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A Look at Quiet Quitting

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A Look at Quiet Quitting

“Quiet quitting” is affecting many industries, including remodeling. Here’s what we can do to combat it.


By Mark Richardson October 11, 2022
quiet quitting what is it
Photo courtesy insta_photos | stock.adobe.com
This article first appeared in the September/October 2022 issue of Pro Remodeler.

During the great recession, i was asked to do a talk on “How to get your mojo back.” The request was not about where it had gone (that was obvious), it was helping write a prescription on ways to get it back. As a relatively positive guy, it was not hard to come up with 10 techniques that individuals could weave into their day.

The dynamic today, however, is different. The team has been running at aggressive levels in stormy waters for a long time, and while they show up, they are not all there.

I did a sales mastery session with a group last week and I told the manager that his team felt off. He said yes, they were “flat.”

Why?

A friend said that more than 50% of his team had already used their PTO for the year by July.

What does that mean?

A top remodeler has had several people resign unexpectedly. Some leave without another job.

 


RELATED: Read More from Mark Richardson


 

What is Quiet Quitting?

I read about a dynamic called “quiet quitting” that spoke to me about what I am seeing out there. Quitting is not just leaving the business, it is about quitting the work or changing the work ethic and priorities.

Most columns I write come with suggestions on how to fix things. In this column, I am just recognizing and being empathetic of what you all are experiencing. You are not alone. (And if your employees are really gung-ho, then be thankful, not critical)

I hope in future columns and podcasts I will be able to share more real-life examples and tips on ways to fix this, but for now, let’s acknowledge what we know.

 

Ways to Combat It

1. Misery loves company. Choose not to participate. This means focusing on the positives in your business and not the negatives. Stop watching the news and staring at your phone feeds.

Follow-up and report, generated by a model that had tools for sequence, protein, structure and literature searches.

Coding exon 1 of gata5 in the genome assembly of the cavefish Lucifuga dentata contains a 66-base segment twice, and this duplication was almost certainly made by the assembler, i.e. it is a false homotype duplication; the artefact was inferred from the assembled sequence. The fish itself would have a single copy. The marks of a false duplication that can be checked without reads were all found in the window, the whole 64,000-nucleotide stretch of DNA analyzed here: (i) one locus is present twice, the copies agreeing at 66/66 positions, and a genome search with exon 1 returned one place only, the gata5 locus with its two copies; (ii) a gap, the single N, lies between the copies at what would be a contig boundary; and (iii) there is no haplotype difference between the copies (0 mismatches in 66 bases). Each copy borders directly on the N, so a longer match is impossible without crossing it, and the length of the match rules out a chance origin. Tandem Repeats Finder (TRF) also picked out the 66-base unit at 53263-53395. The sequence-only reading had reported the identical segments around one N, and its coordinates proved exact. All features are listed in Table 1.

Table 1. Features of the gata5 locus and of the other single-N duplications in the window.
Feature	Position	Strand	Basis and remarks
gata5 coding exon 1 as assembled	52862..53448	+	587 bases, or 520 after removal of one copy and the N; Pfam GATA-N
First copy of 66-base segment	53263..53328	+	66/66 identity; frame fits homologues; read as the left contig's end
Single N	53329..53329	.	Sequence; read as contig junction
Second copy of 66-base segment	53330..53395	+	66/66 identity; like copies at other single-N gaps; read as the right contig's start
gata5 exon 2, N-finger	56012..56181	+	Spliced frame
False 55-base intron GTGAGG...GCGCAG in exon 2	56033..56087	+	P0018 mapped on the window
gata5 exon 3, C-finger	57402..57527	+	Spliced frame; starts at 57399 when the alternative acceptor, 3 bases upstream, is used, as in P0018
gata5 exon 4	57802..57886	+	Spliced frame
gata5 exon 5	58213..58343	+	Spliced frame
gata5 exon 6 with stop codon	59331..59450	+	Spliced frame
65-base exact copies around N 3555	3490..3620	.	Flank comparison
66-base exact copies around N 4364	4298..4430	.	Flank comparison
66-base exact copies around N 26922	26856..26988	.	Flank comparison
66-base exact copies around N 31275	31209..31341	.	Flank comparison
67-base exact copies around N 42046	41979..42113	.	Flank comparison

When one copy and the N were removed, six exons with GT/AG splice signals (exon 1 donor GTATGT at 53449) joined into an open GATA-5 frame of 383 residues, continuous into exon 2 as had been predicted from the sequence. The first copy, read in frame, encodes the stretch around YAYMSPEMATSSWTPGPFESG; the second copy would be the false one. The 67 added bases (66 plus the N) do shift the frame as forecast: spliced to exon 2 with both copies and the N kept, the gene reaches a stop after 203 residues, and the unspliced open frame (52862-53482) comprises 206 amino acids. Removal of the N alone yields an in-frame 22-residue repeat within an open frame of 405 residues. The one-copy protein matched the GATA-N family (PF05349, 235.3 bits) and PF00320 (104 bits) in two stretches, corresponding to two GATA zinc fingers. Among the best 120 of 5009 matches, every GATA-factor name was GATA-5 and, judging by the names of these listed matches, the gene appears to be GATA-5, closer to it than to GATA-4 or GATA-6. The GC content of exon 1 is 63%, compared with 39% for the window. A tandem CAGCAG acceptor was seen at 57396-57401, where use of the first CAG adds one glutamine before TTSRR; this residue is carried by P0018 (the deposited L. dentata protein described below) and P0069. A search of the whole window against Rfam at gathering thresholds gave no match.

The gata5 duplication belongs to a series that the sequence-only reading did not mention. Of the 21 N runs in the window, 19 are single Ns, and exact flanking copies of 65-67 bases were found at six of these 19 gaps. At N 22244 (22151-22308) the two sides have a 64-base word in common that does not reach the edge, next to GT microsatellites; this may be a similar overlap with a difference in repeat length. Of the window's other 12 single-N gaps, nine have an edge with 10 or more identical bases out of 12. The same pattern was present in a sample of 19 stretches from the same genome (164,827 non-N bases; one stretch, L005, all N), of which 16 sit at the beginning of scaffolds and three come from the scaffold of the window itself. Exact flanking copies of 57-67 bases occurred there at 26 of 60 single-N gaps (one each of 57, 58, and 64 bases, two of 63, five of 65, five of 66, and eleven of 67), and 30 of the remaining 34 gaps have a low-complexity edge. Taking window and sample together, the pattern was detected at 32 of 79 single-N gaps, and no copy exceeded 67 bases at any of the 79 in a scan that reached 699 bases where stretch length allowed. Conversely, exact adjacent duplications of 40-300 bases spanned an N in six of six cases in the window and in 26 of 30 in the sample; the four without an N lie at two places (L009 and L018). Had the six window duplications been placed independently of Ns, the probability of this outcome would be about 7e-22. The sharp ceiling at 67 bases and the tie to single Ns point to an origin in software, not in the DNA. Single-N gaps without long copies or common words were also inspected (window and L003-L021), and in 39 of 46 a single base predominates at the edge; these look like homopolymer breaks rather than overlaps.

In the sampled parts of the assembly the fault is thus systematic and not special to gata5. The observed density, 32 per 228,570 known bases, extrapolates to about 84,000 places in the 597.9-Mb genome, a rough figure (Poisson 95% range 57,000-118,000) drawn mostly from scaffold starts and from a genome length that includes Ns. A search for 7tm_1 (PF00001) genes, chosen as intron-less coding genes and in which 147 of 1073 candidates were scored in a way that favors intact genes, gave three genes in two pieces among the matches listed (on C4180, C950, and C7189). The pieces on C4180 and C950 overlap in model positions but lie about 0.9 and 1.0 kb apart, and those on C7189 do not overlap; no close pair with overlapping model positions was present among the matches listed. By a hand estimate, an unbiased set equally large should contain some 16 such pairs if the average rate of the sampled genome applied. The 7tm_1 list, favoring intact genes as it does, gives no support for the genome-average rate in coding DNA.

2. People feed off of people. I think the more people interact, the better. Some can be face-to-face and some virtual, but try to keep interacting. Try to connect at a personal level too. For example, if you are feeling a little down, then a call to a friend might be the best medicine.

 

3. Know that what you are doing is important. Remodeling is important. You create joy in homeowners’ lives by creating wonderful living spaces where fond memories are built. Every prospect that reaches out to you is an opportunity to help someone, not just make a sale.

 

4. Keep perspective. Sometimes the reason a client or team member acts in a difficult way might have to do with other stresses in their lives, not you. It may be the same funk that we’re all feeling.

 

5. Be kind. Before my mother died, I asked her what she thought about heaven. She said, “I am not sure, but it is important to be kind.” We all need to be more kind.

While this isn’t a guarantee to get the mojo back, it’s a start.

 


written by

Mark Richardson

Contributor

Mark Richardson, CR, is an author, columnist, and business growth strategist. He authored the best-selling book, How Fit Is Your Business? as well as his latest book, Fit to Grow. He can be reached at mrichardson@mgrichardson.com or 301.275.0208.

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